Venus Williams was grunting loudly, Lindsay Davenport was muttering to herself, and about 20,000 fans were jumping out of their seats after each point.
A few hours before defending champion Justine Henin-Hardenne meekly left the U.S. Open with a loss to Nadia Petrova, Williams and Davenport were locked in a matchup fit for a Grand Slam final, not the fourth round. So, too, was the riveting last game.
Seven major titles and 49 weeks at No. 1 between them, Davenport and Williams swapped powerful strokes and anxious moments in a final act encompassing 24 points over 13 minutes Monday. Nine deuces. Five break points for 2000-01 Open champion Williams. Five match points for 1998 Open champ Davenport.
In the end, Davenport was slightly steadier and stronger, pulling out that game and a 7-5, 6-4 victory to reach the quarterfinals.
It was a fittingly tight way to end the pair's 25th meeting, never so early in a tournament; they came in 12-all.
"A tough one to get through," said Davenport, who faces 62nd-ranked Shinobu Asagoe for a semifinal berth. "I wanted to win so badly, and I played such a great, calm match until that point, and then let a few errors creep in."
She and Amelie Mauresmo both have a chance to replace Henin-Hardenne at No. 1, because of the Belgian's 6-3, 6-2 loss to No. 14 Petrova - the earliest defeat for the Open's top-seeded woman since Billie Jean King went out in the third round in 1973.
Henin-Hardenne was betrayed by her best shot, the backhand, which she flubbed on the final point of the first set and the final points in each game when she was broken twice in the second set.
Henin-Hardenne, who returned from nearly three months off with a viral infection to win an Olympic gold medal, totaled 30 unforced errors.
That still wasn't as many as Williams, who since playing her first Slam in 1997 never had gone an entire season without reaching at least one major semifinal. She hurt herself with 42 miscues, mostly off forehands and more than double Davenport's count.
"It was me. I made too many errors," Williams said. "The thing that hurt me the most was my inconsistency."
That's been a problem for a while, leading to her slide to No. 12 in the rankings. Davenport, meanwhile, has won 21 straight matches since talking about retirement at Wimbledon.
Another big-name showdown is looming in the men's quarterfinals: Andre Agassi vs. Roger Federer. Agassi advanced Monday with a 6-3, 6-2, 6-2 victory over pal and occasional practice partner Sargis Sargsian, who was on court for nearly 10 hours in his previous two outings. This one took 90 minutes.
Federer's opponent, No. 16 Andrei Pavel, pulled out with a bad back.
"There's nothing more you ask for than to play a big event against the best player in this environment," Agassi said. "It's time to bring the best tennis."
Because Federer's match was canceled, Martina Navratilova's mixed doubles quarterfinal against Wimbledon champion Maria Sharapova was shifted to Arthur Ashe Stadium. Navratilova, into the doubles quarterfinals with Lisa Raymond, paired with Leander Paes to defeat Sharapova and Max Mirnyi 6-4, 6-4.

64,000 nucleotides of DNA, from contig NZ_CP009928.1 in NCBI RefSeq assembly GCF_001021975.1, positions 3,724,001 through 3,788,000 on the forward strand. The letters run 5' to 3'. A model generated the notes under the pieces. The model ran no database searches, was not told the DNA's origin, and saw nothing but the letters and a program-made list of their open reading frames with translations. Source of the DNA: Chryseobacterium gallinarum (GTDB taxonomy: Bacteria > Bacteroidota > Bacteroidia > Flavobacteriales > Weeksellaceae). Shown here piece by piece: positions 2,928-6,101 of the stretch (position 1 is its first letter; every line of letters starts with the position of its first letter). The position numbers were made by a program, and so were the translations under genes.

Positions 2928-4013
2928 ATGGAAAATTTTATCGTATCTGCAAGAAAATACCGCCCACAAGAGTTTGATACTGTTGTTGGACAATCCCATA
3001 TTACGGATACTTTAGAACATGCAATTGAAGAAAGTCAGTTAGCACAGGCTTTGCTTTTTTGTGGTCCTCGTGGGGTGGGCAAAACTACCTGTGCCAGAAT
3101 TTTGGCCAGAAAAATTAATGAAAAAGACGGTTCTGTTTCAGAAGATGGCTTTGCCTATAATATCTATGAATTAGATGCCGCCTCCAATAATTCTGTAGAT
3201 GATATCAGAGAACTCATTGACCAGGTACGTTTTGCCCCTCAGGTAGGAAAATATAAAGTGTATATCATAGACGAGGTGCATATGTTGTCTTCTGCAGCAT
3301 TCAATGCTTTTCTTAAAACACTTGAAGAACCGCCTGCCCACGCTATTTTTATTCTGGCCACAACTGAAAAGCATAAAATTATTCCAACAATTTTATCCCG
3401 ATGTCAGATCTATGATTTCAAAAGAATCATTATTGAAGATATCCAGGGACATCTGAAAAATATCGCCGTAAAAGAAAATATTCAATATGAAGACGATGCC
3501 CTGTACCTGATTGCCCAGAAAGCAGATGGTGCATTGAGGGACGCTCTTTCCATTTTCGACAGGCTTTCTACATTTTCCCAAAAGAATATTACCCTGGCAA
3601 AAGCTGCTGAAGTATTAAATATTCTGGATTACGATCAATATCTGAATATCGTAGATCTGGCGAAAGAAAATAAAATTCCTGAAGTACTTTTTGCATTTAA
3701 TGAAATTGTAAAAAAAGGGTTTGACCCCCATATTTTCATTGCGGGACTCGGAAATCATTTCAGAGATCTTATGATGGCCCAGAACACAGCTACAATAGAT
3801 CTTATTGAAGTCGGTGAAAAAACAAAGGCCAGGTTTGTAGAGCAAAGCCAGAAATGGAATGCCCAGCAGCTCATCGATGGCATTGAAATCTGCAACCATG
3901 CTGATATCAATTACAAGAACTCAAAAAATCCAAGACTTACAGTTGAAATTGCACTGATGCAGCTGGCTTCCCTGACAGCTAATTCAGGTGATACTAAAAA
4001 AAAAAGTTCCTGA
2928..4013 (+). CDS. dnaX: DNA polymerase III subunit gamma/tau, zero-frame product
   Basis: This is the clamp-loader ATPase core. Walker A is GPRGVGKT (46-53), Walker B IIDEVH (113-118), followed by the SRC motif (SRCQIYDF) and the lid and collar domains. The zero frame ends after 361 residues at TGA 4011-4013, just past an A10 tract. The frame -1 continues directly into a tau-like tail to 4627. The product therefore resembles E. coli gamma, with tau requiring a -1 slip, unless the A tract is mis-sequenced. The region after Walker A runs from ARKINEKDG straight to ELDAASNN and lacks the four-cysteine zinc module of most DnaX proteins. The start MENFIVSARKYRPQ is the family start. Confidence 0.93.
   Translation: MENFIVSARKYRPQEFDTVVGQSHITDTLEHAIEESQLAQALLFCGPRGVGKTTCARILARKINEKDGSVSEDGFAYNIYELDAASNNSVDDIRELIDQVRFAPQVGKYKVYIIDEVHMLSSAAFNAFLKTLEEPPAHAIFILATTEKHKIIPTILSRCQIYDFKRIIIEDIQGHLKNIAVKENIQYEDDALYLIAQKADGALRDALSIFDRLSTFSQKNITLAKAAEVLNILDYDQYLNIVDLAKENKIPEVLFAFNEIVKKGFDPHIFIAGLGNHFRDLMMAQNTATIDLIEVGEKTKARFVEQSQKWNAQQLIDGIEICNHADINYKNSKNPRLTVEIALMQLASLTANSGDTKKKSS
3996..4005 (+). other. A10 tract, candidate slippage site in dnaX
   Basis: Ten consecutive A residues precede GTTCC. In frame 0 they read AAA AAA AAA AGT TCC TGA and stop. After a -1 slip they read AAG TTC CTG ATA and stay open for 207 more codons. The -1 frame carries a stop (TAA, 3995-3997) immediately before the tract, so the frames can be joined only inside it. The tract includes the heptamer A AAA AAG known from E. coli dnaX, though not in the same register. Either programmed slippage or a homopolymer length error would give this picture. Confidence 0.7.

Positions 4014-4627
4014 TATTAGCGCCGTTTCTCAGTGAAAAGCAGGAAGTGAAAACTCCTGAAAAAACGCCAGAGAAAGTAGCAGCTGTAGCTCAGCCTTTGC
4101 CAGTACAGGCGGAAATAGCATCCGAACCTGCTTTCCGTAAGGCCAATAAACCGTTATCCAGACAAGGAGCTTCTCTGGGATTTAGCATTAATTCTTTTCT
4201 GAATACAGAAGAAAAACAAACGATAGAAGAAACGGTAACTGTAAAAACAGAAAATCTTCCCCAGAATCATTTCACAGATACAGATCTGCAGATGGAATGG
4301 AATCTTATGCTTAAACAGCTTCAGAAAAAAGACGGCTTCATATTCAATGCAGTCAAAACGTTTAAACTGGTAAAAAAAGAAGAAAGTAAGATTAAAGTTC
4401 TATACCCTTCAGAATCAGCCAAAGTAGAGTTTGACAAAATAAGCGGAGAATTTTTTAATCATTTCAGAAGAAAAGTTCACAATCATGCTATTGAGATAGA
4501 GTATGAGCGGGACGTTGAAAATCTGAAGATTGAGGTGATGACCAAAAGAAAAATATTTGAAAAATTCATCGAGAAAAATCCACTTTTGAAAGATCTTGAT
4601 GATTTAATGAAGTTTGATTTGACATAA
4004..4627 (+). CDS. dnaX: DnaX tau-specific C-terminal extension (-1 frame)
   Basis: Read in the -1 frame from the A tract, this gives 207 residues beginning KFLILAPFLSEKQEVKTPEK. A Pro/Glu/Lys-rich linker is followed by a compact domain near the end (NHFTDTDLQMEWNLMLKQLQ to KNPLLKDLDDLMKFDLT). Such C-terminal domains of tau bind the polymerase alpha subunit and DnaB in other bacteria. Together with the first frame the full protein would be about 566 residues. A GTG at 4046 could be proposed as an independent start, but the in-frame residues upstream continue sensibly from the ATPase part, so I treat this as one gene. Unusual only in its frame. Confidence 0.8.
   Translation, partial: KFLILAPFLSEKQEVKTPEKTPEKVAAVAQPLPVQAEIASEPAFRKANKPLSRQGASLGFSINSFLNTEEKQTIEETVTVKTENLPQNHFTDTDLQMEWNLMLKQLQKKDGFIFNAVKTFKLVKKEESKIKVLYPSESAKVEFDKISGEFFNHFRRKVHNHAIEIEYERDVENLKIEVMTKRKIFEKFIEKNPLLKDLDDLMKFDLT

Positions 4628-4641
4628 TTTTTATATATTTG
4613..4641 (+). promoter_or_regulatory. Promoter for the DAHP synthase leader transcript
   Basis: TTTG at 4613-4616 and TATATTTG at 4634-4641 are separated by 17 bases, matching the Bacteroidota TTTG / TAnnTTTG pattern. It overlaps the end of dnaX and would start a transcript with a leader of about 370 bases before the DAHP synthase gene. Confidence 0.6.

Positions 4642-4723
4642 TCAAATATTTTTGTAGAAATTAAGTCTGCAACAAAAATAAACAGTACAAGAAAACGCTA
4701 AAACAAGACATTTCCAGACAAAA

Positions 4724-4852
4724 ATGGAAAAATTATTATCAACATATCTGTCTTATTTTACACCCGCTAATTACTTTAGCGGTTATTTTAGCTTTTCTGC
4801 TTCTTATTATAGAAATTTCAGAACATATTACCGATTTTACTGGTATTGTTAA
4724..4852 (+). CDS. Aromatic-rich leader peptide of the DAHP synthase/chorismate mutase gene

Mary Pierce, who beat Sharapova in singles, lost to No. 9 Svetlana Kuznetsova 7-6 (5), 6-2. Kuznetsova plays Petrova next in an all-Russian quarterfinal.
Asagoe upset No. 29 Eleni Daniilidou 7-6 (4), 4-6, 6-3, making her the lowest-ranked Open quarterfinalist since Williams was 66th in her 1997 debut.
How long ago that seems.
Now Williams needs to recapture the drive that carried her to four Slam titles, none since 2001. She had quick exits at the Australian Open (third round), French Open (quarterfinals) and Wimbledon (second round) this year. She missed the second half of last season, including the Open, with a torn abdominal muscle, and had to deal with the shooting death of half-sister Yetunde in September 2003.
"I'm really disappointed (about) all this year's Grand Slams. But I've learned that the position that I'm in is not necessarily my fault," Williams said. "I can't be hard on myself."
She raised her play in that fantastic final game, with Davenport serving at 5-4. Williams also raised the volume, grunting louder and louder with each shot, a sharp contrast to Davenport's soft exhales. Davenport played impeccably until then, never facing a break point and trailing on her serve just once: at love-15 in the second set's fourth game.
Davenport broke Williams for a 6-5 lead in the first set, and 3-2 in the second.
In the final game, they went back and forth, with Williams swatting two winners to get her first break point, wasted with a forehand return long. On the first match point, a 12-stroke exchange ended with Williams' forehand winner. Davenport ceded her second match point by double-faulting, then turned and chatted to herself.
"I felt OK until I lost the second match point," Davenport said. "Then you get a little like: 'Oh, no. Don't do this."'
There was more, including a forehand sailed long on match point No. 3, and Williams' brilliant passing shot to erase No. 4. Eventually, though, Williams floated a forehand return long on No. 5.
Throughout the match, Williams' sister Serena sat in the front row, biting her nails or resting her chin or her hand. Otherwise, the crowd was rowdy.
"Definitely had the buzz of a bigger match than a round-of-16 match. They were definitely into it there at the end," Davenport said. "I certainly don't want to have a letdown now."
As successful as she's been, Davenport often has been eclipsed somewhat by other stars. Right before the start of Monday's match, chair umpire Sandra de Jenken apparently forgot who was playing and substituted the name of a tour journeywoman in announcing: "Ladies and gentlemen, Lindsay Lee-Waters elected to receive."
No one there will forget the final game, though.
By Howard Fendrich